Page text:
Fame & Fortune #1 Serves Up a Satirical One-Shot

Ahoy Comics’ flagship hero/anti-hero duo are back and kick-starting another run of reality-spanning adventures. The Wrong Earth: Fame & Fortune #1 is penned by prolific GLAAD award-winning writer Mark Russell, with art by longtime Ahoy collaborator Michael Montenat and colors and letters by celebrated industry veterans Andy Troy and Rob Steen, respectively. This all-star team is serving up a scathingly satirical one-shot adventure in the ongoing line of Wrong Earth titles.


Wrong Earth: Fame & Fortune #one is an anthology comic split into two stories that work around similar themes. Both are dedicated to comparing and contrasting the parallel worlds of Earth-Alpha and Earth-Omega. Earth-Alpha is a fluffy corporatist “utopia,” whereas Earth-Omega is an ultraviolent society blighted by corruption, but both are inhabited by Richard Fame, billionaire and crime-fighter.

RELATED: Avengers: Black Panther and Marvel’s Batman Analog Are About Going to War With Mephisto (EXCLUSIVE)


Richard Fame (Alpha-Earth) and Richard Fame (Omega-Earth)
Richard Fame (Alpha-Earth) and Richard Fame (Omega-Earth)

In “The Wrong Earth,” two Richard Fames pitch a new city stadium to their mayor across the two realities, mirroring each other in ironic and darkly comedic ways. Fame’s alter-ego — Dragonflyman on Earth-Alpha and simply Dragonfly on Earth-Omega — utilize their respective talents of browbeating diplomacy and callous cruelty to achieve their ends, all for their dream of opening the Fame Financial Field. “Buddy System” is a much more compact story that operates within the same lines, this time focusing on Dragonflyman/Dragonfly’s sidekick Stinger. Nestled between the two stories is hilariously absurd Editor’s Note, penned by David Hyde and illustrated by Marco Finnegan, which includes an FAQ, lurid claims of grandeur, and several cocktail recipes.


Russell’s writing is the stand-out factor that makes the whole comic tick. His powerful use of juxtaposition and irony allow him to write stories that are biting and cynical, delivered through a medium of hysterically funny whiplash. The issue bounces between Dragonflyman saccharinely forcing his boot into the mouths of those less fortunate and Dragonfly coldheartedly carrying out the same actions with direct violence. By occasionally uniting the two realities through Fame’s speech, with both versions of him uttering the exact same words, the underlying point is reinforced that this is the same character, nurtured by a different environment.


Both characters are anti-heroes in the sense that they are literal villains, so readers who prefer a more optimistic sense of humor or more high-minded fantasy in their comics will find the whole affair off-putting and probably quite depressing. Russell manages to make a cutting and comedic commentary about the nature of corporatism, privilege, and violence purely through devices of irony and contrast, without reading as preachy or didactic.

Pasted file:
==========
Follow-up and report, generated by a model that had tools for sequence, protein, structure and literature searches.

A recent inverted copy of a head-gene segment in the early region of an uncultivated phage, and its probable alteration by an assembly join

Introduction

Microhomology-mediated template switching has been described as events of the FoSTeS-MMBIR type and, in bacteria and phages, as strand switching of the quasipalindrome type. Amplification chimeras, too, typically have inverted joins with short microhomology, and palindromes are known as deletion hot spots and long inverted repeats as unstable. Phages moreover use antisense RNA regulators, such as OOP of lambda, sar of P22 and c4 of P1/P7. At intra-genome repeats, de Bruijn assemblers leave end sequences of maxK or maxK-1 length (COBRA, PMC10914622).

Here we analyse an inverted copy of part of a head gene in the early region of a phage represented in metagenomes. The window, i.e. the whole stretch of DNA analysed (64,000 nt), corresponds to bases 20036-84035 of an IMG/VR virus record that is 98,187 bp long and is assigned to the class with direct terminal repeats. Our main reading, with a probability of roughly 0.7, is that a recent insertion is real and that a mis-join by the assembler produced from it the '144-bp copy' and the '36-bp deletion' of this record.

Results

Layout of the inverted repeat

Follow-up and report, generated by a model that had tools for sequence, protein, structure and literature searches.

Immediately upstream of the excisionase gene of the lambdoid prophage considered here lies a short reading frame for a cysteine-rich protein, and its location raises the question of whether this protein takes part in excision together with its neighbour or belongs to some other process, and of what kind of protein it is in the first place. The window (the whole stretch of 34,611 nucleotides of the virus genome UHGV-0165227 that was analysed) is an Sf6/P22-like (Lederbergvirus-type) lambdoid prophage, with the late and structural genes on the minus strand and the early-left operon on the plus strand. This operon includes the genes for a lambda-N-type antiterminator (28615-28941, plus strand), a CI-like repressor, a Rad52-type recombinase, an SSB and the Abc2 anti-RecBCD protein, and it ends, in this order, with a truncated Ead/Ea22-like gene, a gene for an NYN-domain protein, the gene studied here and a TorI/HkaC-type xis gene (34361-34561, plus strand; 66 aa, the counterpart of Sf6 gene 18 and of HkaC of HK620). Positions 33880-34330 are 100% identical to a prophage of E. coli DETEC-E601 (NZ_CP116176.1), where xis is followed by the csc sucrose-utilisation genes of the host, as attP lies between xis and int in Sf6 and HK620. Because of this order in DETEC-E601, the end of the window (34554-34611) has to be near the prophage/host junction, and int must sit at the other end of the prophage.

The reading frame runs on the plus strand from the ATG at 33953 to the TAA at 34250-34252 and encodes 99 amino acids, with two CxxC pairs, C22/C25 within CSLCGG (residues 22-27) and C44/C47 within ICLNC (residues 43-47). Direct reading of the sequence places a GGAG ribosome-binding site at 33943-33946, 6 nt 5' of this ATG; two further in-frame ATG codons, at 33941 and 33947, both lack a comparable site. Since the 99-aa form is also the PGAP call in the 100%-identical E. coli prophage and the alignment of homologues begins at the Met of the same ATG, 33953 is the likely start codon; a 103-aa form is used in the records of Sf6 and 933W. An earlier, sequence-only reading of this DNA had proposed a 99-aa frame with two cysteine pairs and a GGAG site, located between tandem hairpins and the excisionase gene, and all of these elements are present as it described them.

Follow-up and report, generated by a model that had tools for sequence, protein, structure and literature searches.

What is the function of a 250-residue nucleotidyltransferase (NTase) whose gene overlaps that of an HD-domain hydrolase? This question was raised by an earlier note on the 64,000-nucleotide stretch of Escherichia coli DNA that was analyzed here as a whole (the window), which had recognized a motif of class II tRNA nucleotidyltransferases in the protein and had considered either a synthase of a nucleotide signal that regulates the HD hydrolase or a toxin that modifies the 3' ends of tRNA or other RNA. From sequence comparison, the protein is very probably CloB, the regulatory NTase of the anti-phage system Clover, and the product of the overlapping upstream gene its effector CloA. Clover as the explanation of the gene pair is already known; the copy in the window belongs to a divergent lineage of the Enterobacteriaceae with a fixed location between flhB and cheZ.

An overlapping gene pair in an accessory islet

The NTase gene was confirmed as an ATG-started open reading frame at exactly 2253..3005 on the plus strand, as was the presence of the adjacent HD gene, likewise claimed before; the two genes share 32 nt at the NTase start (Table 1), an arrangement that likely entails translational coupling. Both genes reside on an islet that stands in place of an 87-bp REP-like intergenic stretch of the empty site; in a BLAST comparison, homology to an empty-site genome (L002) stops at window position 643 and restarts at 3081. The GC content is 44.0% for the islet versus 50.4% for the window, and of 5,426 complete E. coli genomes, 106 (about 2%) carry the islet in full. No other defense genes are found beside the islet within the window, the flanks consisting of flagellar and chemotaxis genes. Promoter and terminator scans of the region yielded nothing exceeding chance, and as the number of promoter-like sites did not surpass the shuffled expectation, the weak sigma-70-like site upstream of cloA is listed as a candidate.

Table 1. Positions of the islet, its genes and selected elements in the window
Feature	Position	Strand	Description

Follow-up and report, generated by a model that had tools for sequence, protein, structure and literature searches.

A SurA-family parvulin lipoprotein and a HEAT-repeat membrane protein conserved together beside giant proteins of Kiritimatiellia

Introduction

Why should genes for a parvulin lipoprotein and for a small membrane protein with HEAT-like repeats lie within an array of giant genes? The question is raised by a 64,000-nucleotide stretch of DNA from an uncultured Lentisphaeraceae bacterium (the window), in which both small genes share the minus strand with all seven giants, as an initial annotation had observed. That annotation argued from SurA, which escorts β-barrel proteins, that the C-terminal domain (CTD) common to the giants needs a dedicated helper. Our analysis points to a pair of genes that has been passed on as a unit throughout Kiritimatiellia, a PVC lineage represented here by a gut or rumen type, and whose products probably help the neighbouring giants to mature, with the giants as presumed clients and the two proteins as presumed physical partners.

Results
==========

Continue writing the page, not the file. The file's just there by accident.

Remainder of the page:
RELATED: The Sandman Universe: Nightmare Country’s Author Delves Into the Bloody Adventure

Throughout the comic, Montenat’s art is powerful and consistent, masterfully depicting action scenes with precision and brutality. Although the style is not especially unique, it possesses an admirable clarity that suits the subject well, imbuing it with a certain muscularity that speaks to the different characterizations of Earth. Earth-Alpha’s overly sanitized idealism and Earth-Omega’s darkness and brutality are explored through excellent style, lighting, and framing choices that are similarly reflected in the character design.


The colors by Troy are exceptionally well-handled and are absolutely essential for setting the contrasting tones of Earth-Alpha and Earth-Omega. On another, more practical level, the colors allow the reader to easily distinguish the parallel narratives. Steen shines on letters, elevating the writing and sound effects to an impressive extent. Steen teases out all the punchiness and wit inherent in the dialogue by varying the emphasis in his letters from her, giving the characters real voices as well as a great sense of comic timing.

The Wrong Earth: Fame & Fortune #one is not a comic for the faint of heart or anybody lacking a wicked sense of humor. However, just like Richard Fame himself, it has an undeniable charisma. Crackling with tension throughout, no small feat in an anthology comic, The Wrong Earth is a bizarre and brilliant experience that serves as a great introduction to the acerbic style of Ahoy Comics as a whole.



Superboy Infinite Crisis Jim Lee

Superboy: How the Young Justice Hero Died and Came Back to Life

Read Next


About The Author

Leave a Comment

Your email address will not be published.